"THE ISRAEL LOBBY AND U.S. FOREIGN POLICY" -
Israel Lobby Report Finds Support
A report on the influence of the pro-Israel lobby in Washington
has led to accusations of anti-semitism by critics.
The report's authors say the lobby is so powerful it often convinces the US to put Israel's interests before its own.
PHillip Wilcox was the United States' consul general to Jerusalem between 1988 and 1991, giving him a close insight into
Now the president of the Foundation for Middle East Peace, in Washington, he told Nic Perpitch he thinks the report has
Listen to the interview:
SOURCE: World View
More Debate Over Report On Israel's Influence In US
Supporters cite freedom of
speech, need to discuss topic. Detractors say it promotes 'crass bigotry.'
By Tom Regan| csmonitor.com
Coverage of the debate over the recent paper "THE ISRAEL LOBBY AND U.S. FOREIGN POLICY " by professors Stephen Walt of Harvard and John Mearsheimer of the University of Chicago that examines
the influence of Israel and its supporters in Washington over US foreign policy has been, mostly, absent from US media. But
the paper generated vigorous debate in the British and international media and on the Internet. Since the working paper's
release, there have been several more attacks on it, but also more support for the professors' position on the need to look
hard at the US-Israel relationship.
The Financial Times reports on Wednesday that Harvard Law School's Alan Dershowitz posted a 15,000-word response to the Walt-Mearsheimer paper on the Kennedy School of Government site, where the original report appeared. In his response
to the paper, Professor Dershowitz denounced the work of the two professors as having an “illogical and conspiratorial approach.”
“What would motivate two recognized academics to issue a compilation of previously made assertions that they must
know will be used by overt anti-Semites... that will give an academic imprimatur to crass bigotry and... place all Jews in
government and the media under suspicion of disloyalty to America?”
The publication of the response paper marked the first time in the Kennedy School’s history that it has allowed faculty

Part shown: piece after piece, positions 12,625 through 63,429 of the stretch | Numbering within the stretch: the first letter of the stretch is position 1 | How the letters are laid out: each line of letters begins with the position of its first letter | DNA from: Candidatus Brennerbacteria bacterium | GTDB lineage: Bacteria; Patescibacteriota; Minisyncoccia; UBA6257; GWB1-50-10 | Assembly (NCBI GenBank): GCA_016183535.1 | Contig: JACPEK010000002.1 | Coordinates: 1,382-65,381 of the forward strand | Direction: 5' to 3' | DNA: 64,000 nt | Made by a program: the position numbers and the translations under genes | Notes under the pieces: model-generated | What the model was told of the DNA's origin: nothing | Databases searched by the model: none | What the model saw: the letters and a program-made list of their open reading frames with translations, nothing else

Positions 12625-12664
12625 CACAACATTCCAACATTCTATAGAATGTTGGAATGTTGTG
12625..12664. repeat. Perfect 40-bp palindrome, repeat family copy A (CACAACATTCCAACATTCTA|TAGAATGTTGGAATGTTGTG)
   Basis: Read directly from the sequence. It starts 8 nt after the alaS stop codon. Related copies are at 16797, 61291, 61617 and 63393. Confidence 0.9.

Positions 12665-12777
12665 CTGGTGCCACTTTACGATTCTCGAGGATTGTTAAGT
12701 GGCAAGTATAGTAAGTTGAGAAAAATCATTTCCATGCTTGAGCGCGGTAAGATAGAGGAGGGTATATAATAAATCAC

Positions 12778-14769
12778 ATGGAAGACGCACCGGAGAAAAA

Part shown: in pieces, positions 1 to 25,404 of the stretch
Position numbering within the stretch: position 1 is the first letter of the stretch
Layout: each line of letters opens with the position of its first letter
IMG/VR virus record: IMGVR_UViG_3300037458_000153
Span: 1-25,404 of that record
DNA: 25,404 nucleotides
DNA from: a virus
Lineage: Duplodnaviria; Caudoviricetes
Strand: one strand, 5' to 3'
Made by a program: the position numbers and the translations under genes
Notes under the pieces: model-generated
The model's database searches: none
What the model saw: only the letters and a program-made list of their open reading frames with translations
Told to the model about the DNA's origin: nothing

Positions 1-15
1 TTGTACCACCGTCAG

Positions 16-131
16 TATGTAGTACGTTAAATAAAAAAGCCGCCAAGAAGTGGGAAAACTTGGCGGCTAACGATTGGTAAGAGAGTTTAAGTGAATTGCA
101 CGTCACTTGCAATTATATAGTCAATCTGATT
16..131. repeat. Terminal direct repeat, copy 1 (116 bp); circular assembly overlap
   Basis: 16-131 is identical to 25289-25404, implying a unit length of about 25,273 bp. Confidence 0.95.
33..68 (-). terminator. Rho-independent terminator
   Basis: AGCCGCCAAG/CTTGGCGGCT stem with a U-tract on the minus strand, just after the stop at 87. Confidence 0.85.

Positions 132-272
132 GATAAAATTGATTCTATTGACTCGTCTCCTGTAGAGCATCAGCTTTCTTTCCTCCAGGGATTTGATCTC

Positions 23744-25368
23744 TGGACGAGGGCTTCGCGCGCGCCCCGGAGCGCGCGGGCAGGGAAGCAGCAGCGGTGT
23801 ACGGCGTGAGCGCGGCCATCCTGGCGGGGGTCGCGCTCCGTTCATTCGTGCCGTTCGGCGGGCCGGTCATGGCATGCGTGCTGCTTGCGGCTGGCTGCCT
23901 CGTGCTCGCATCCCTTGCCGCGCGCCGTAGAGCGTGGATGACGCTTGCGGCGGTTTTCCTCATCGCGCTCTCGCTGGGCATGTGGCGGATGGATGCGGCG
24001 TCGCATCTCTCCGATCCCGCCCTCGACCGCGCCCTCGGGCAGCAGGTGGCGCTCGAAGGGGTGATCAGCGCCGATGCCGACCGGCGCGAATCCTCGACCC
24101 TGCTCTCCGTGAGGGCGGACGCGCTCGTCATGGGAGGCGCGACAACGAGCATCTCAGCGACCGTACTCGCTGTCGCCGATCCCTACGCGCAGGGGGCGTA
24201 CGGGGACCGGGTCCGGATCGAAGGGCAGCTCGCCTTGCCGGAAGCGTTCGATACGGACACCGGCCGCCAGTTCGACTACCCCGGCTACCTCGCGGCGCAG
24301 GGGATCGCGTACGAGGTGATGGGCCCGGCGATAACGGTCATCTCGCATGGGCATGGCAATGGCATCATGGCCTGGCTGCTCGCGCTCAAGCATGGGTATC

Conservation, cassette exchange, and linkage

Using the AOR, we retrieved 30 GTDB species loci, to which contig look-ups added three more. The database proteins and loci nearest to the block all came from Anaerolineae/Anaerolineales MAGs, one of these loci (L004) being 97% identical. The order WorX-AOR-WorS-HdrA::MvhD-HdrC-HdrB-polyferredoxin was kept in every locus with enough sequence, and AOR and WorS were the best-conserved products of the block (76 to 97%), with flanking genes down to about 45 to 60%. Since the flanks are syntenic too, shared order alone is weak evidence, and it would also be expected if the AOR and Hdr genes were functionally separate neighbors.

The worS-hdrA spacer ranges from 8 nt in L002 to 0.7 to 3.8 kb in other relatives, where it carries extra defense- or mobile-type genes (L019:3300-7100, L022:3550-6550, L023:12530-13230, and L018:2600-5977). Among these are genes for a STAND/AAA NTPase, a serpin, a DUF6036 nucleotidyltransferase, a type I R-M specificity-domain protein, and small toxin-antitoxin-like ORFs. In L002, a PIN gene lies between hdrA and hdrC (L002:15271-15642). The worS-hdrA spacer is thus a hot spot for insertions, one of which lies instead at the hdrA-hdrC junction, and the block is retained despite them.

from other schools at Harvard to answer back directly to the work of any of its professors.
Since the paper was published several other well-known authors have condemned or disagreed with it, including David Gergen in US News and World Report and Christopher Hitchens in Slate.com. The Washington Post reported on Sunday that while well-known Israel critic Noam Chomsky applauded the two professors for their courage in writing the paper, he felt they took a naive view of US foreign policy.
University of Maryland professor Shibley Telhami, a vocal critic of the war in Iraq, said the men were "incredibly bold"
for trying to start the debate. But he also said "he does not believe Jewish neocons and their Christian supporters forced
the United States into the war [as the Walt-Mearsheimer paper contends]," and that it was George W. Bush's decision alone.
The original working paper was also strongly defended over the weekend. The Guardian Observer reported on Sunday
that the editor of the London Review of Books, which was the only nonacademic publication to carry a shorter version
of the original 81-page report, defended her decision to carry the report, and also said the charges of anti-Semitism were ridiculous. Editor Mary-Kay Wilmers, who is Jewish, said that while the
support of people like David Duke was "unsettling," it did not detract from the debate the authors were attempting to start.
'I don't want David Duke to endorse the article,' [she] told The Observer from France on Friday. 'It makes me feel uncomfortable.